‘I remember sticking my head into the auditorium during one of those shows when the whole place was full. I saw all these beaming faces of children who were having just the most amazing time.
‘There were 1,000 children in this glorious auditorium who were entranced and who were, potentially, falling in love with the theatre and who might come back in the future.
‘That was the moment I knew I wanted to take it further and build up a youth theatre at the Kings.’
Meanwhile, Jo, who thrives on hard work and six-day weeks had taken on another job – running the city council-backed City Youth Theatre which was based in the Third Floor Arts Centre of the Central Library.
‘I did that for three years in tandem with my day job at the Kings, but eventually the funding dried up and it folded. That’s when David Cooper, the Kings’s chief executive, approached me to run the Kings Youth Theatre.’
She started with 14 youngsters and has now built it up into the 60-strong company of today – two age groups, seven to 12-year-olds and her seniors who span the 12-17 age range.
‘Yes, it means I work six days a week, but I’m lucky.
‘I love my job and wouldn’t have it any other way. It’s hard graft, but it is so worthwhile.
‘When the kids do something that has worked well you see that sparkle of enthusiasm and excitement in their eyes and when they say ‘‘please Miss, that was brilliant. Can we do it again?’’,that’s the best feeling in the world.’
Jo continues: ‘Of course, not all of them are going to make it as performers.
‘Some could go into stage management or become wardrobe mistresses.
‘It doesn’t matter because if they still have that little pilot light of love for the theatre inside them that’s the main thing.
‘My job is to turn up the gas inside them.’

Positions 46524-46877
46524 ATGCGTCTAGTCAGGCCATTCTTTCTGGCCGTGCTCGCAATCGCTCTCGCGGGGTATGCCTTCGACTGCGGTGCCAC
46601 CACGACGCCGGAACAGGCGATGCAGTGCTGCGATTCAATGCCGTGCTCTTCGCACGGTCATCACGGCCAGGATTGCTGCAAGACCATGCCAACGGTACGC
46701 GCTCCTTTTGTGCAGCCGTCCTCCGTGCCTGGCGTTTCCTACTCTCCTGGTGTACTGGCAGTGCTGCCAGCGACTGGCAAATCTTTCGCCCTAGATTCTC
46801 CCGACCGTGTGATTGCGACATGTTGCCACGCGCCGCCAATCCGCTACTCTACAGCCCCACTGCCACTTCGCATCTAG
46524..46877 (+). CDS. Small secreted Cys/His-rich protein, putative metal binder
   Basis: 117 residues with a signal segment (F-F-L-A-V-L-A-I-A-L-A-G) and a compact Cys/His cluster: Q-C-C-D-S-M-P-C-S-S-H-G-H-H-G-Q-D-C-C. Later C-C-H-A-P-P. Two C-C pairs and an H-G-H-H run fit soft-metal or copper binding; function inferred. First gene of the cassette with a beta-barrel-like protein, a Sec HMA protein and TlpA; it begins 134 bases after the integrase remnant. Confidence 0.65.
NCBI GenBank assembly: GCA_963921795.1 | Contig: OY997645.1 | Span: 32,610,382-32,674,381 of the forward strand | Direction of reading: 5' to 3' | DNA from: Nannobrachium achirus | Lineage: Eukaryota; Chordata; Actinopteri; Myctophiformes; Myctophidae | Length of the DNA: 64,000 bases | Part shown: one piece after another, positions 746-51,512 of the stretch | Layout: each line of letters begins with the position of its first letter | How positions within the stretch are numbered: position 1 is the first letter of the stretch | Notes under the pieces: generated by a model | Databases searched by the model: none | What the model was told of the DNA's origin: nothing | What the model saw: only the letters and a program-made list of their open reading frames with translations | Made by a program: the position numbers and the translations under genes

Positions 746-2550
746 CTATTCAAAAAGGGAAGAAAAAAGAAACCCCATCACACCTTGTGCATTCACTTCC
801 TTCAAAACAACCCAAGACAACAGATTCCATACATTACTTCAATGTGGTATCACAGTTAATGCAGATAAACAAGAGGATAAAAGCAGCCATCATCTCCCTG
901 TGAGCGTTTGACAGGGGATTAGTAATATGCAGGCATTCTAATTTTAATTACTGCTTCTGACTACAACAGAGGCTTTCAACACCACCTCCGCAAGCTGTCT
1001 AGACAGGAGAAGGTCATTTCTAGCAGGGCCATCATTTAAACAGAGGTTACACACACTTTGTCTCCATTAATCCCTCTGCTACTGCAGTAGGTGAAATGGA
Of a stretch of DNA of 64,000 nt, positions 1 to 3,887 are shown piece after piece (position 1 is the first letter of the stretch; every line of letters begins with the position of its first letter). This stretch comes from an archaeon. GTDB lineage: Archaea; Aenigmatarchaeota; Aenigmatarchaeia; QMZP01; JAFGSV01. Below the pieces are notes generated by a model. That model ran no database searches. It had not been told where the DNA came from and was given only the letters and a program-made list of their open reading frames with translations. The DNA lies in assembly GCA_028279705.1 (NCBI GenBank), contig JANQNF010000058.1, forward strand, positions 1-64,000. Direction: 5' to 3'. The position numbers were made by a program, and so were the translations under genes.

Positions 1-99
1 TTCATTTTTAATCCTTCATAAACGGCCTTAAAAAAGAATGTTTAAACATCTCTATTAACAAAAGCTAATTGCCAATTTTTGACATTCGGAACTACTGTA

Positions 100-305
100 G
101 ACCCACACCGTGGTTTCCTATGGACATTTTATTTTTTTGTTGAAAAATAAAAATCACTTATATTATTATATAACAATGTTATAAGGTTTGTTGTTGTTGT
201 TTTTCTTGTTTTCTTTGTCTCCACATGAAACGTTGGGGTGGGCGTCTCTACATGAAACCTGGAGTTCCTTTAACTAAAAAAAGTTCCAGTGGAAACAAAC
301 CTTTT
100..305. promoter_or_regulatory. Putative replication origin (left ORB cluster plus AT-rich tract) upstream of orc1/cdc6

The Kings Youth Theatre puts on one main production a year and when it came to choosing one for 2014, Jo Bennington knew it had to be something which would encompass the centenary of the start of the First World War and the 70th anniversary of D-Day.
The dark musical Oh! What a Lovely War, which left London audiences shell-shocked when it opened in 1963, was an obvious if not difficult choice.
Jo says: ‘War at the moment – those in Iraq and Afghanistan – is so far removed from young people today. The concept of young men not much older than they are fighting on front lines is somewhat detached from them.
‘I thought it would be an important piece for these young minds to grapple with – to understand the value of a human life, understand sacrifice and how it affected the women left behind.’
There are several numbers in the show which have brought home to the young performers the horrors of the First World War.
Jo adds: ‘There’s a line in one of the songs which talks about men ‘‘going under’’.
‘The children asked me what it meant and when I explained that thousands of men drowned in the mud and no-one would stop to help, you could see the horror in their faces.
‘Or the scene in which two women talk about melting down bodies to create glycerin which was used to combat chlorine gas attacks, they say: ‘‘What, they actually did that Miss? Didn’t they have any respect for the dead? That’s sick’’.
‘And then there’s the bit when a cricket scoreboard clocks up the score: 50,000 men dead, zero yards achieved. All those lives for nothing...’
The Kings Youth Theatre has combined with Victoryland Theatre School for the production of Oh! What a Lovely War at the Kings Theatre, Southsea. Performances are on Friday, July 18 at 7.30pm and Saturday, July 19 at 2.30pm.